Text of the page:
Imagine being afraid of a large group photo, where everyone is standing too close, creating symmetry in the photo. Even everyday objects like kitchen utensils and coffee cups could trigger your anxiety if they are arranged symmetrically. The mere thought of entering a room with symmetrical decorations could be enough to set off a panic attack.

Coping Strategies for Dealing with Symmertophobia

If you are experiencing symmetrophobia, coping strategies can help you manage your fear and live a happier life.

Here are some coping strategies that might help you manage your symmetrophobia:

Mindfulness Techniques

Mindfulness comprises exercises that help to calm the mind and tame anxiety. Mindfulness can be done by taking deep breaths, practicing meditation, or any other calming strategy that helps you relax. When you feel anxious or stressed due to symmetry, try practicing a mindfulness activity to help reduce anxiety and help you cope with your fear.

Gradual Exposure Therapy

Gradual exposure therapy is a technique that involves gradually exposing yourself to situations in which you experience symmetrophobia. Exposure therapy for phobias helps to desensitize you to the fear, and over time, the fear will be less strong. For instance, if you are afraid of seeing symmetrical objects, you can start by looking at pictures of symmetrical objects and work towards encountering symmetrical objects in real life.

Cognitive-Behavioral Therapy (CBT)

CBT is a therapy method that helps you recognize and change negative thought patterns that may contribute to other anxiety disorders or your fear of symmetry. A therapist will guide you through practical exercises to help you understand your thought process and teach you how to manage your fears. This technique helps you to gain a better understanding of how your fears work and can be particularly helpful if your symmetrophobia negatively impacts your day-to-day life.

Support Groups

Joining a support group can be helpful as you will meet other individuals with symmetrophobia. Support groups provide a safe environment where individuals can share their experiences and provide emotional support to one another. They can also teach coping strategies and give advice on how to manage your fears.

Real Life Examples of the Fear of Symmetry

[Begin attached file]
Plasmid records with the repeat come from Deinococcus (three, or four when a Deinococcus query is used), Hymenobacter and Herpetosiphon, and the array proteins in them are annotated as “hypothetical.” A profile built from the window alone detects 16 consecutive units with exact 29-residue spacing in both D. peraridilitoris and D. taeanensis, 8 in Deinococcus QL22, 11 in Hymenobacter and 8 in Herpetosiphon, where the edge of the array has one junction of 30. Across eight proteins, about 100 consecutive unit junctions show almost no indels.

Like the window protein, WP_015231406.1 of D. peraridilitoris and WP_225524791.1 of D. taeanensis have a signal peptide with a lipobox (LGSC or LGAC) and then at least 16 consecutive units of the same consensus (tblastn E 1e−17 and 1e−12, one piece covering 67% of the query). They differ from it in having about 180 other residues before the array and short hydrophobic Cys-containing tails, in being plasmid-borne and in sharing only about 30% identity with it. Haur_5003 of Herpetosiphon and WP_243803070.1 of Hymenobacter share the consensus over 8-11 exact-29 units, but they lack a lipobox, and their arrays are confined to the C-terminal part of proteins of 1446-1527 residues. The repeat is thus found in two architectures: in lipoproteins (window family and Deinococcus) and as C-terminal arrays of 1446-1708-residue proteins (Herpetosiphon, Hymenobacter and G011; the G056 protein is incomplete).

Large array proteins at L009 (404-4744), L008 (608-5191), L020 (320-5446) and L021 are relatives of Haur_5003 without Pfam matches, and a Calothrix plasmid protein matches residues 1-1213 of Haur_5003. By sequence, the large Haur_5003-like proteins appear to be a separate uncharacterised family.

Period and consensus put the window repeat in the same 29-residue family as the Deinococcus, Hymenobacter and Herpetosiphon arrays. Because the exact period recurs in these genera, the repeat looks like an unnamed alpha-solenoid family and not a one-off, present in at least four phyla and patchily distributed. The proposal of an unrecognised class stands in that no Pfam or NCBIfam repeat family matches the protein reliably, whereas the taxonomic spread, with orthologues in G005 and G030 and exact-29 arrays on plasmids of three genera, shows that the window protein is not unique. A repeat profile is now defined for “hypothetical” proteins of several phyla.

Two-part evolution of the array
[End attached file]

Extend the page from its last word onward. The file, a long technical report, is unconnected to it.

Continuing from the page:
Symmetrophobia, also known as the fear of symmetry, is a condition that affects a small portion of the population. People suffering from this phobia may experience intense anxiety, panic attacks, and avoidance behaviors in response to symmetrical objects or patterns.

One real-life example of this condition occurred in a woman who was unable to leave her home due to the presence of symmetrical patterns in her environment. She experienced panic attacks whenever she saw anything with perfect symmetry, including tiles, curtains, and even her own reflection in the mirror.

Another example is that of a man who would avoid public places with symmetrical architecture or buildings. He would walk on only one side of the street to ensure that he did not have to look at the symmetrical buildings on the opposite side.

Interestingly, some individuals with symmetrophobia have reported that they feel as though the symmetry in their environment is “watching” them. This feeling can further exacerbate their anxiety and depression levels and lead to agoraphobia or social isolation.

It is important to note that while symmetrophobia is a real condition, it is also treatable through therapies such as cognitive-behavioral therapy, exposure therapy, and medication. With proper treatment, those suffering from this phobia can learn to manage their fear and live normal, healthy lives.

FAQ – Symmetrophobia: Fear of Symmetry

Is the opposite of symmetrophobia a fear of asymmetry?

No, the opposite of symmetrophobia is not a fear of asymmetry. While symmetrophobia is the fear of symmetry and asymmetry, the opposite would be a lack of fear or anxiety in response to symmetry. The fear of large objects, whether symmetrical or not, is called megalophobia.

Why does symmetrophobia cause agoraphobia?

Symmetrophobia can cause agoraphobia due to the fear of encountering any kind of symmetrical pattern in public places. This can lead to social isolation and avoidance behaviors as the individual will avoid going out in order to avoid coming into contact with symmetrical patterns.

How is symmetrophobia treated?

Symmetrophobia can be treated with a variety of therapies and medications, including exposure therapy, cognitive-behavioral therapy, and medication. It is important to consult with a doctor or mental health professional in order to determine the best treatment plan for you.

What kinds of objects can trigger symmetrophobia?

Symmetrophobia can be triggered by any kind of symmetrical object or pattern, including buildings, curtains, tiles, and even reflections in the mirror. It is important to remember that this condition can affect individuals in many different types of ways, so it is important to consult with a mental health professional if you believe that you may suffer from symmetrophobia.